How Brands Are Using Instagram For Outreach Marketing
Hey everybody, and welcome to Group High’s outreach marketing virtual summit. My name is Noah Selzer. I am the community manager here at Group High. I wanted to start by giving a special thanks to all of the attendees and presenters that made this event possible today, as well as our very own Kristen Matthews, and really all my colleagues over here at Group High who have worked tirelessly in the past few weeks to make this event happen.
Without further ado, today I will be talking about Instagram outreach marketing and some of the trends that I’ve noticed. Then I’m going to offer a few examples of brands who caught my attention with their creative outreach initiatives on Instagram. Of course, you can follow my conversations on twitter and interact with me using the hashtag outreach marketing. Let’s dive right in.
Alright, so the first trend that I want to talk about isn’t something groundbreaking or new to social media by any means, but it is something I see being kind of under-strategized by a lot of brands and companies, and that’s leveraging hashtags. Just like a logo or slogan, hashtags are great way to offer a bite-sized, fast, and recognizable way to connect with their audience.
I recommend an Instagram strategy that implements brand specific hashtags, campaign specific hashtags, and trending hashtags in combination. Using both broad and granular hashtags simultaneously is an excellent way to engage like-minded Instagramers who may not know about your particular product.
At the same time, it is important to use brand or campaign specific hashtags in order to engage followers continually and build that defined social media identity. The first one here, brand specific hashtags, use a hashtag that’s creative, but relevant enough to your brand to be recognized and associated quickly by social media users. Use your brand specific hashtag across all social channels in all content posts and between various campaigns to solidify the association between that tag and your brand name.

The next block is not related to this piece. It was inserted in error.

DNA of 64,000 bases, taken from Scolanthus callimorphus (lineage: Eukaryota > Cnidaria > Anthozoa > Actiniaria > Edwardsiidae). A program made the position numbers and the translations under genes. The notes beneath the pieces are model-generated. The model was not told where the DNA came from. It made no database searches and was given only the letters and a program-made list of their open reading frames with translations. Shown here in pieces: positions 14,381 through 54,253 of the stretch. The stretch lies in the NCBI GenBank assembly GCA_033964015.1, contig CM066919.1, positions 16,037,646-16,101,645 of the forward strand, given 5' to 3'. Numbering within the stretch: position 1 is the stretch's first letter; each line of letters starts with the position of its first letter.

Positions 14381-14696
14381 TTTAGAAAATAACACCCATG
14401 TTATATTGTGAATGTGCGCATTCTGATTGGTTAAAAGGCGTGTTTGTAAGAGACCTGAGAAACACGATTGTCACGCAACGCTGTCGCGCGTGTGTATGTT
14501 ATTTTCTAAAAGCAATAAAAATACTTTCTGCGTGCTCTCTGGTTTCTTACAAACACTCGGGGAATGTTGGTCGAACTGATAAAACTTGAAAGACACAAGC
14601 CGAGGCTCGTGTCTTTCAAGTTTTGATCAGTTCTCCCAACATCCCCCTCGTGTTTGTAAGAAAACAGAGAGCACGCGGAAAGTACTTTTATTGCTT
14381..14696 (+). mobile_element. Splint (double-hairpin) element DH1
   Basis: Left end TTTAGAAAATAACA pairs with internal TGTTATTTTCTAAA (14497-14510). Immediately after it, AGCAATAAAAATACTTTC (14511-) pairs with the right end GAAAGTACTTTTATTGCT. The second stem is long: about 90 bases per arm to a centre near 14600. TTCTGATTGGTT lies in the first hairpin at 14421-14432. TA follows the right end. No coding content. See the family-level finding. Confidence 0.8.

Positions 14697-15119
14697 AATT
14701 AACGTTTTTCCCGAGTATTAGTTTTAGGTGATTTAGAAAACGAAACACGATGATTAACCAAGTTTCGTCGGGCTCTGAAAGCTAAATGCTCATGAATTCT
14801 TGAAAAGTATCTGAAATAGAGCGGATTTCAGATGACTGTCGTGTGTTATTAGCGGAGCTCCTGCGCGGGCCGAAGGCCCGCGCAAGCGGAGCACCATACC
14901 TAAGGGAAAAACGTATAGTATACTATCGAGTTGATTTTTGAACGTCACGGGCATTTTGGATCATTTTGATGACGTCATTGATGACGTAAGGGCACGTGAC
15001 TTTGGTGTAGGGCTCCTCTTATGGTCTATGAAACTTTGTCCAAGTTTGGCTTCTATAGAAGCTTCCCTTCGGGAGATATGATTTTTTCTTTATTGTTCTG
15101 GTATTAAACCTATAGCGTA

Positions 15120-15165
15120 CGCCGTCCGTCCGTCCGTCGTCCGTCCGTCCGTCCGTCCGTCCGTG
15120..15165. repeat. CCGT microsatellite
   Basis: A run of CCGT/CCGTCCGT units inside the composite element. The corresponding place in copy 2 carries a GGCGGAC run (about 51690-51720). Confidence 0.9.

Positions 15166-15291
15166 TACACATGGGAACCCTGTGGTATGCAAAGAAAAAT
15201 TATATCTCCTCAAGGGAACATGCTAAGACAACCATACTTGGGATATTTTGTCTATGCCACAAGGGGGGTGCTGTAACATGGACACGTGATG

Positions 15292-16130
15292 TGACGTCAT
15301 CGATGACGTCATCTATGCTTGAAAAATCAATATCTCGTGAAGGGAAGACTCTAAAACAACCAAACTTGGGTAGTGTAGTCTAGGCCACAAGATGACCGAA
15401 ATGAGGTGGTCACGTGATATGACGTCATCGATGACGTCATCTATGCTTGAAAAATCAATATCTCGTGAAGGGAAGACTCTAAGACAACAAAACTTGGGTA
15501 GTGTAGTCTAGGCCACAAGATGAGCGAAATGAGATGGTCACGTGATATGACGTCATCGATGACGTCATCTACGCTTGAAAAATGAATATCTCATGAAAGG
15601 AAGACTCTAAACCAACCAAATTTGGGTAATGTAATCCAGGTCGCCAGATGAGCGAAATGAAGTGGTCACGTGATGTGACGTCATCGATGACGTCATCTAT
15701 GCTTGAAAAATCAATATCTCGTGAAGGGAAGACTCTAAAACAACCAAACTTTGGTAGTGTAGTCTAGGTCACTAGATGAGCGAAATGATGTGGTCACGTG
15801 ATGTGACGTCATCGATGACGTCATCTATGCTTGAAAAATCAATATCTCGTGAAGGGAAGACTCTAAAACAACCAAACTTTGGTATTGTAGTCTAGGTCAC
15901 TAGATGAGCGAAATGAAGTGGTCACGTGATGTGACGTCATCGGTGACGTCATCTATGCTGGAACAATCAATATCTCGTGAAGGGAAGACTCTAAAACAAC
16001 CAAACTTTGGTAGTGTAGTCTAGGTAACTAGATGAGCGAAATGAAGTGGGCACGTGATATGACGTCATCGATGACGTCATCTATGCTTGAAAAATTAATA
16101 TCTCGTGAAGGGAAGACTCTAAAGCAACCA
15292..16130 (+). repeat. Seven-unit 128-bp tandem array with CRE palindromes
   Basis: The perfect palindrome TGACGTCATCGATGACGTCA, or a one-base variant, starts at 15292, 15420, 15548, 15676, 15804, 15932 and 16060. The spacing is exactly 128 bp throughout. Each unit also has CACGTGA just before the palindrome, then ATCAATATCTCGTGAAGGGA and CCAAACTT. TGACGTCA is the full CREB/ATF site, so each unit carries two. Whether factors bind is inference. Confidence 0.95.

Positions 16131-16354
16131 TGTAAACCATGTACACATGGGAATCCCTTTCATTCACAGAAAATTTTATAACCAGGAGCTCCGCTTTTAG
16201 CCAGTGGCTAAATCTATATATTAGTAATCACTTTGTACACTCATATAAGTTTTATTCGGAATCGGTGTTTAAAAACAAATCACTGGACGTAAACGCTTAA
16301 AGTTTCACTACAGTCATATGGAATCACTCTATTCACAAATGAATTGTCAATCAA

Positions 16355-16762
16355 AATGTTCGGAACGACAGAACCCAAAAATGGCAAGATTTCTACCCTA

Next, include new, unique hashtags to represent things like specific social media campaigns, current product pushes, or upcoming events. You could also try using trending hashtags. These are contextually relevant or popular hashtags to appeal to Instagramers that are following a certain topic in that realm but may not be following your account quite yet.
Let’s say for example that hypothetically speaking here that I work for an athletic show company. Let’s call it tight laces shoes. I’m running an Instagram campaign to promote my new line of running shoes. I could start by Instagramming photos of the product and using brand relevant hashtags like running or hashtag athletics to broaden visibility for the product. Then, I could include my campaign specific hashtag which would be something like hashtag, tight laces, or a short slogan going by my brand.
I could also get creative and run an engagement campaign with user generated content. In this situation, I could a unique hashtag like hashtag tight lace Tuesday, for example, and have followers post pictures of their new shoes and running adventures every Tuesday. The next Instagram outreach marketing trend I want to highlight is this idea of InstaMeets. It’s no secret we’re huge fans of authentic brand advocacy over here at Group High.
Every day, we teach our clients about the value of fostering ongoing relationships with bloggers and outlets that really align with their brands’ values and style. InstaMeets can be an awesome way to get influencers or consumers who share common interests to interact with another first via a hashtag and then in person for ultimate word of mouth promotion. How does a brand unite people with common interests on Instagram, and then encourage them to want to connect with one another face to face.
Start by choosing your focus wisely, and be creative with what you’re asking to be submitted in the Instagram contest or shared brand experience. Next, try searching Instagram hashtags for existing brand mentions or related terms, and see if there’s anyone already advocating for the brand. If they are already posting pictures of those products, they’ll probably want to participate and tell their entire network about the InstaMeet as well.
You can then try creating a new contest, event, or campaign specific hashtag and encourage Instagram users to showcase their love for the brand on an ongoing basis. It’s also important to incentivize participants, right? Offer a winning prize for a photo contest or invite participants to take Instagrams of an organized brand experience. This could be anything from a shopping day at a retail location, to doing an activity that folks commonly associate with the brands product uses.